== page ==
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dc.contributor.authorWyon, Matthew A.
dc.contributor.authorDeighan, Martine A.
dc.contributor.authorNevill, Alan M.
dc.contributor.authorDoherty, Michael
dc.contributor.authorMorrison, Sharon L.
dc.contributor.authorAllen, Nick
dc.contributor.authorJobson, Simon A.
dc.contributor.authorGeorge, Simon R.
dc.date.accessioned2008-06-04T13:48:45Z
dc.date.available2008-06-04T13:48:45Z
dc.date.issued2007
dc.identifier.citationJournal of Strength and Conditioning Research, 21 (2): 389-393
dc.identifier.issn1064-8011
dc.identifier.pmid17530956
dc.identifier.urihttp://hdl.handle.net/2436/29515
dc.description.abstractThis study examined the cardiorespiratory and anthropometric indices of professional classical ballet dancers in relation to company seniority, gender, and supplemental training. Forty-nine participants from an international touring company carried out a peak Vo(2) test and vertical jump test. Anthropometric measurements and supplemental training activities were also recorded for each participant. Statistical analyses showed significant differences between gender and dancer seniority levels. Gender differences were seen for jump height (M = 52.7 +/- 7.12 cm; F = 37.6 +/- 5.32 cm) and peak Vo(2) (M = 49.32 +/- 3.72 ml.kg(-1).min(-1); F = 43.3 +/- 5.16 ml.kg(-1).min(-1)). Differences were also seen between dancer levels for peak Vo(2) (artist = 46.47 +/- 4.67 ml.kg(-1).min(-1); first artist = 42.72 +/- 5.81 ml.kg(-1).min(-1); soloist = 43.38 +/- 7.14 ml.kg(-1).min(-1); principal = 49.04 +/- 3.63 ml.kg(-1).min(-1)) and jump height (artist = 42.0 +/- 9.11 cm; first artist = 50.33 +/- 11.65 cm; soloist = 45.6 +/- 9.78 cm; principal = 44.67 +/- 9.53 cm). Pairwise post hoc comparisons showed that corps and principals had significantly greater relative peak Vo(2) than first artists and soloists (p < 0.05), while soloists and first artists had significantly greater jump heights compared to principals and corps (p < 0.05). Analysis of covariance modeling indicated that the self-reported mode of supplemental training had no association with relative peak Vo(2) or the percentage at which ventilatory threshold occurred. The present study has provided further insight into the cardiorespiratory profiles of classical ballet dancers, where soloists have significantly greater power capacities compared to principals and corps, who in turn had significantly greater aerobic power. These data can help guide strength and conditioning intervention strategies that need to take into account the nuances of the different seniority levels within a dance company.
dc.language.isoen
dc.publisherHuman Kinetics Pub
dc.relation.urlhttp://apt.allenpress.com/perlserv/?request=get-abstract&doi=10.1519%2FR-19405.1
dc.subjectCardiorespiratory fitness
dc.subjectBallet
dc.subjectSports Medicine
dc.subjectAerobic capacity
dc.subjectAnaerobic Threshold
dc.subjectModelling
dc.subjectPower output
dc.subjectDance
dc.subject.meshAdult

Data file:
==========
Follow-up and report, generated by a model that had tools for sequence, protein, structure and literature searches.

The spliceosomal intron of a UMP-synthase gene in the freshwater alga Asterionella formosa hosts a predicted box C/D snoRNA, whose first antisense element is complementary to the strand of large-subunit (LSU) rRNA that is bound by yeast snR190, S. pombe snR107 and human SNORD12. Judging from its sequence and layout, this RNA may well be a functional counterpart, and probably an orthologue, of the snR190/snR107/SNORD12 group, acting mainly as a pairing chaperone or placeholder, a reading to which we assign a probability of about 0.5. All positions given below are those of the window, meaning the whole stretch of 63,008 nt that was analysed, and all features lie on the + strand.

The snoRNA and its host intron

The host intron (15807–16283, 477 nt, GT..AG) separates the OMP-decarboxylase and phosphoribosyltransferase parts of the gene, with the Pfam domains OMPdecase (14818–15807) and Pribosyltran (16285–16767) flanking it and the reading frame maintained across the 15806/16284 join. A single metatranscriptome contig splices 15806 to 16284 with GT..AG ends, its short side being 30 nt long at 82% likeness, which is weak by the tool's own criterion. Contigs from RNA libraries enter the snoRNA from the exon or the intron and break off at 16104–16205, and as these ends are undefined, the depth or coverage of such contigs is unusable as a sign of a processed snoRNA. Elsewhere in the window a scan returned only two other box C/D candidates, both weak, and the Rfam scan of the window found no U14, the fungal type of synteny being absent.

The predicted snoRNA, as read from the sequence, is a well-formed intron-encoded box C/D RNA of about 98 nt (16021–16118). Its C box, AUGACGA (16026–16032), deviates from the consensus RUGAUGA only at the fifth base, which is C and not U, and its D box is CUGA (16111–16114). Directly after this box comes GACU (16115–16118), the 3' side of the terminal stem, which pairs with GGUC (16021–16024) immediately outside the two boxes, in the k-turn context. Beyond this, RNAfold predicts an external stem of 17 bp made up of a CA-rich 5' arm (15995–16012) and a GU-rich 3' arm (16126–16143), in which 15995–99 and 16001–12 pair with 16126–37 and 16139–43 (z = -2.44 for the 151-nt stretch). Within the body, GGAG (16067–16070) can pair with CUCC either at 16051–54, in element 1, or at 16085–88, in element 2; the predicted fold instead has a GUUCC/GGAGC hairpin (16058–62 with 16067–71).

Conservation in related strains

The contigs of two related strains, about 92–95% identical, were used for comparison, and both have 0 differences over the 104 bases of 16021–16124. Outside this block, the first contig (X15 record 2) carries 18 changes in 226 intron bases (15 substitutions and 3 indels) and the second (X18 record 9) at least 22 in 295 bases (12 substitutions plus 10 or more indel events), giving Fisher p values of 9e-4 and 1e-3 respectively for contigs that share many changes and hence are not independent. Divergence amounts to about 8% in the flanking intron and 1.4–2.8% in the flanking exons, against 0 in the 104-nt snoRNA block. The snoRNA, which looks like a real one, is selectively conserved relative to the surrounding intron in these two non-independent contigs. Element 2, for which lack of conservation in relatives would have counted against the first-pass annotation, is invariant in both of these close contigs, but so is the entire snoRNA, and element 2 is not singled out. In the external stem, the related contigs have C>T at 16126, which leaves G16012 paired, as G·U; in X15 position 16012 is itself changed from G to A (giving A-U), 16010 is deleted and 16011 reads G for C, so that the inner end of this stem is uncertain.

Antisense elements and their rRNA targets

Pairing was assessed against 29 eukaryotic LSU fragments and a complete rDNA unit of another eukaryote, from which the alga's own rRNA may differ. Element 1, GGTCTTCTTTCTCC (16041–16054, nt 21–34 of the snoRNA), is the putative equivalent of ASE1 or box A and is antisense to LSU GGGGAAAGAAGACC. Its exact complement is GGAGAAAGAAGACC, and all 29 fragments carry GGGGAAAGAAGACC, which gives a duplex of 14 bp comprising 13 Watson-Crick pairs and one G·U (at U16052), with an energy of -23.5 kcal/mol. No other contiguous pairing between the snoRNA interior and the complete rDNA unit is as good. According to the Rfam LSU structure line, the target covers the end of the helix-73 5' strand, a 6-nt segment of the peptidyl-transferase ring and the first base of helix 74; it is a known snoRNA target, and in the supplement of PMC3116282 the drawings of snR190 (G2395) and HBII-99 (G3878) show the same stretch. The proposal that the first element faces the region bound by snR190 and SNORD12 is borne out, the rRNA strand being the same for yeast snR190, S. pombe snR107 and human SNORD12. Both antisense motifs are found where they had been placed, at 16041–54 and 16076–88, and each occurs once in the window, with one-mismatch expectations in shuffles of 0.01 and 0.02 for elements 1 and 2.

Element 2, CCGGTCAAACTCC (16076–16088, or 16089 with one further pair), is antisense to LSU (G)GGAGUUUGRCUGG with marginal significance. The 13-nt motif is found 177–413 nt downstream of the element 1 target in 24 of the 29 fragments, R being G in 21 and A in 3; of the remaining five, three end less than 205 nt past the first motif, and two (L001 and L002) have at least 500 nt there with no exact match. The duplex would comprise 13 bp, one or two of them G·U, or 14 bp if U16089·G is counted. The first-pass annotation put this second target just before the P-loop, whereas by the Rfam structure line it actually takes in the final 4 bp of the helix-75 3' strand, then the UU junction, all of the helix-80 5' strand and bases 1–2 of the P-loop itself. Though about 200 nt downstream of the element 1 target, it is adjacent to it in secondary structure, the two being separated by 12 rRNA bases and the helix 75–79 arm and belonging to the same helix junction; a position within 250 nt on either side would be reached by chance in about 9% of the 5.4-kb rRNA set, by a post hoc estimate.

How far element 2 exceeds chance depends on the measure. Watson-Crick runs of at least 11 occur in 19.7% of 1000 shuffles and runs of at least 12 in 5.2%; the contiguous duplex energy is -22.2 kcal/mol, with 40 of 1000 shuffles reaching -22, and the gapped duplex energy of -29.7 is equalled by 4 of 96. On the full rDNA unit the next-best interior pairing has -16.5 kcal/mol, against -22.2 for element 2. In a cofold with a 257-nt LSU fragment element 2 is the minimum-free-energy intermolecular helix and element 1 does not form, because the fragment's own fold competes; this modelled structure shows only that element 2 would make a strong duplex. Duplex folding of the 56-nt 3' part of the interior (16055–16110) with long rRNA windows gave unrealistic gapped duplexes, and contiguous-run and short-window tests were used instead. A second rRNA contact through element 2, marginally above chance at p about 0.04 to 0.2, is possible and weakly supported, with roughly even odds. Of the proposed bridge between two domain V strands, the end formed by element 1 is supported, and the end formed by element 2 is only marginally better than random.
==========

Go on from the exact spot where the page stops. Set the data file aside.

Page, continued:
dc.subject.meshAnalysis of Variance
dc.subject.meshAnthropometry
dc.subject.meshDancing
dc.subject.meshExercise Test
dc.subject.meshFemale
dc.subject.meshHumans
dc.subject.meshMale
dc.subject.meshMovement
dc.subject.meshOxygen Consumption
dc.subject.meshSex Factors
dc.subject.meshSomatotypes
dc.titleThe cardiorespiratory, anthropometric, and performance characteristics of an international/national touring ballet company.
dc.typeJournal article
dc.identifier.journalJournal of Strength and Conditioning Research
html.description.abstractThis study examined the cardiorespiratory and anthropometric indices of professional classical ballet dancers in relation to company seniority, gender, and supplemental training. Forty-nine participants from an international touring company carried out a peak Vo(2) test and vertical jump test. Anthropometric measurements and supplemental training activities were also recorded for each participant. Statistical analyses showed significant differences between gender and dancer seniority levels. Gender differences were seen for jump height (M = 52.7 +/- 7.12 cm; F = 37.6 +/- 5.32 cm) and peak Vo(2) (M = 49.32 +/- 3.72 ml.kg(-1).min(-1); F = 43.3 +/- 5.16 ml.kg(-1).min(-1)). Differences were also seen between dancer levels for peak Vo(2) (artist = 46.47 +/- 4.67 ml.kg(-1).min(-1); first artist = 42.72 +/- 5.81 ml.kg(-1).min(-1); soloist = 43.38 +/- 7.14 ml.kg(-1).min(-1); principal = 49.04 +/- 3.63 ml.kg(-1).min(-1)) and jump height (artist = 42.0 +/- 9.11 cm; first artist = 50.33 +/- 11.65 cm; soloist = 45.6 +/- 9.78 cm; principal = 44.67 +/- 9.53 cm). Pairwise post hoc comparisons showed that corps and principals had significantly greater relative peak Vo(2) than first artists and soloists (p < 0.05), while soloists and first artists had significantly greater jump heights compared to principals and corps (p < 0.05). Analysis of covariance modeling indicated that the self-reported mode of supplemental training had no association with relative peak Vo(2) or the percentage at which ventilatory threshold occurred. The present study has provided further insight into the cardiorespiratory profiles of classical ballet dancers, where soloists have significantly greater power capacities compared to principals and corps, who in turn had significantly greater aerobic power. These data can help guide strength and conditioning intervention strategies that need to take into account the nuances of the different seniority levels within a dance company.


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